First, an important preliminary-- there are millions of places in the human genome where any two given people could possible differ, either by a single base change, the addition of an entire chunk of DNA, the inversion of a chunk of DNA, or whatever. Keep that in mind: millions and millions of places (for a database of many of the single base changes, see the HapMap). Now, the intuitive argument: after humans arose in Africa, they dispered themselves throughout the world. By both chance and in response to selection due to their new environments, populations in different parts of the world ended up with different frequencies of those millions of DNA variants. Simple enough. Now, below the fold, I will present the evidence that 1. the patterns of genetic variation form clusters on a world-wide scale, 2. genetic clusters coincide with what is commonly called "race", and 3. genetic variation between clusters is relevant phenotypically.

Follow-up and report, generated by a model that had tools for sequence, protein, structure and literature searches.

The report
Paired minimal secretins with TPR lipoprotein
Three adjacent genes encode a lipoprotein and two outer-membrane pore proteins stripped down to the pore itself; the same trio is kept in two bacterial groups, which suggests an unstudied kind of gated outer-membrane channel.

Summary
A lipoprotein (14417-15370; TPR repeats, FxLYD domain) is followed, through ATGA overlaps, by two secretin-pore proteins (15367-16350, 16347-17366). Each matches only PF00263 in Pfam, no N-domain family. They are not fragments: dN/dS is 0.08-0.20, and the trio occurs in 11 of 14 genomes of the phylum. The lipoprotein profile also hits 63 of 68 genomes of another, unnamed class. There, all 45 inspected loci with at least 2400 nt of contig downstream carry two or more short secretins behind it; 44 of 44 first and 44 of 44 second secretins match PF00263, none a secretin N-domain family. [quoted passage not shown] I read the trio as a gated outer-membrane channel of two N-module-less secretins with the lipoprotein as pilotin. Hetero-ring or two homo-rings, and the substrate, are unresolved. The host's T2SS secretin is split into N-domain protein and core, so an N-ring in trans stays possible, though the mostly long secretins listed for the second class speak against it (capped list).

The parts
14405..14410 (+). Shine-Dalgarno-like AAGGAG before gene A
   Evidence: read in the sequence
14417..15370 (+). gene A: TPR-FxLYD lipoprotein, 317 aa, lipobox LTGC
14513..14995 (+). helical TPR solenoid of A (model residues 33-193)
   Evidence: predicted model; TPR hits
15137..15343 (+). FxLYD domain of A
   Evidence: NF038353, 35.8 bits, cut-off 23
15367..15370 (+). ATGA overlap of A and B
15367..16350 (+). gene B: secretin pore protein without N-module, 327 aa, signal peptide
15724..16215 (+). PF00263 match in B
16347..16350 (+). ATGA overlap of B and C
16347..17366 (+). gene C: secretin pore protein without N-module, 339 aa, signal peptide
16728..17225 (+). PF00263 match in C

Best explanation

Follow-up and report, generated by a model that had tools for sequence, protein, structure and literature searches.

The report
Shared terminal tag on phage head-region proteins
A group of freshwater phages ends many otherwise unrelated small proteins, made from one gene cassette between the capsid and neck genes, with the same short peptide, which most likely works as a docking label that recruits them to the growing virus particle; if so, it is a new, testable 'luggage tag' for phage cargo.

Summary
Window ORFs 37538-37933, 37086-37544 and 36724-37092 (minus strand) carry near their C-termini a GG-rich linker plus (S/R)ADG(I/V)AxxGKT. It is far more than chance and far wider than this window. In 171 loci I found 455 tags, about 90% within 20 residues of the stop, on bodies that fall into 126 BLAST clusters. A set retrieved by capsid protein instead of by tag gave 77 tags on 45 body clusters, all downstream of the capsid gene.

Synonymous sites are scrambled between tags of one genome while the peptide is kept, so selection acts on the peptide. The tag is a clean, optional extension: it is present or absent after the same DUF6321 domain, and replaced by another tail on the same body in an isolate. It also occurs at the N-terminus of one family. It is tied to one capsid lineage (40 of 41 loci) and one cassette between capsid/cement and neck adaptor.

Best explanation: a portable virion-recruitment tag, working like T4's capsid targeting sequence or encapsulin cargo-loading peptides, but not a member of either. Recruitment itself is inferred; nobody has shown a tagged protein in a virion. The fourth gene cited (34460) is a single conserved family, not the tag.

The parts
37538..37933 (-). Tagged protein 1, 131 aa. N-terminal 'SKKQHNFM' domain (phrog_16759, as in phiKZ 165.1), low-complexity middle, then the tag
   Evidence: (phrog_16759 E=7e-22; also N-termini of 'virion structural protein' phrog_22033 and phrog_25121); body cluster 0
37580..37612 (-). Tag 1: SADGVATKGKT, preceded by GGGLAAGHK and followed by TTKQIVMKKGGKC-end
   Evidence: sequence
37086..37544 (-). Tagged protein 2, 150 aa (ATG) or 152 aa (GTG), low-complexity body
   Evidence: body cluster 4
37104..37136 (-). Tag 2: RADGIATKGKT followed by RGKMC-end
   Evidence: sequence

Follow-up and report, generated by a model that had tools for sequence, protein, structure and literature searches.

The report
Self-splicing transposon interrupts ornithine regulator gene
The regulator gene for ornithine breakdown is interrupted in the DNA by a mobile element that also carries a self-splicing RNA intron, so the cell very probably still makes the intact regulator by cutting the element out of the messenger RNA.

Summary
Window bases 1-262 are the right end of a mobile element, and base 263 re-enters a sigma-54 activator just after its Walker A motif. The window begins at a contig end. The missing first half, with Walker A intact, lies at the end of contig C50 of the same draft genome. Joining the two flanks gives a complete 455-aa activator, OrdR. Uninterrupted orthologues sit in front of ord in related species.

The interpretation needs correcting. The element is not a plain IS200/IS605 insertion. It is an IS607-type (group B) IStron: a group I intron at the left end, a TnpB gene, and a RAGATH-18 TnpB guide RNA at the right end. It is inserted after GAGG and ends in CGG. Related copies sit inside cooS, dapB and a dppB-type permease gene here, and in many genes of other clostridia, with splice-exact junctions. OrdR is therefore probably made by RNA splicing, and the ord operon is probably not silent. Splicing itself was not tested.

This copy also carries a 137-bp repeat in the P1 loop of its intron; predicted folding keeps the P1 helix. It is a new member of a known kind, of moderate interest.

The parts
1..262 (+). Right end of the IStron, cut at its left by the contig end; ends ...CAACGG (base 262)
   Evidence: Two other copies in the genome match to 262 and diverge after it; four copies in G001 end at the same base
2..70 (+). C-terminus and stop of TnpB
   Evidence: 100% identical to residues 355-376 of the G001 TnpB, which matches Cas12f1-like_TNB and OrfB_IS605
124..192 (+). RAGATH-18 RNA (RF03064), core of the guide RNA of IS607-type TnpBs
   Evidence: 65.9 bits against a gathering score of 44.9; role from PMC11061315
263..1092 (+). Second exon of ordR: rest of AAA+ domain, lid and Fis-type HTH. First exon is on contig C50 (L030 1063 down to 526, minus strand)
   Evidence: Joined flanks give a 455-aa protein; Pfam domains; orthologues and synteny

Jason Rosenhouse hasposted on race recently as well. You can find some of my own opinions on the topic here. Ultimately, I think asking questions about race/population substructure is very interesting because I find human evolutionary genetics very interesting. 2 years ago Armand Leroi could plausibly say we didn't know how skin color was genetically controlled. Today he wouldn't be able to say that.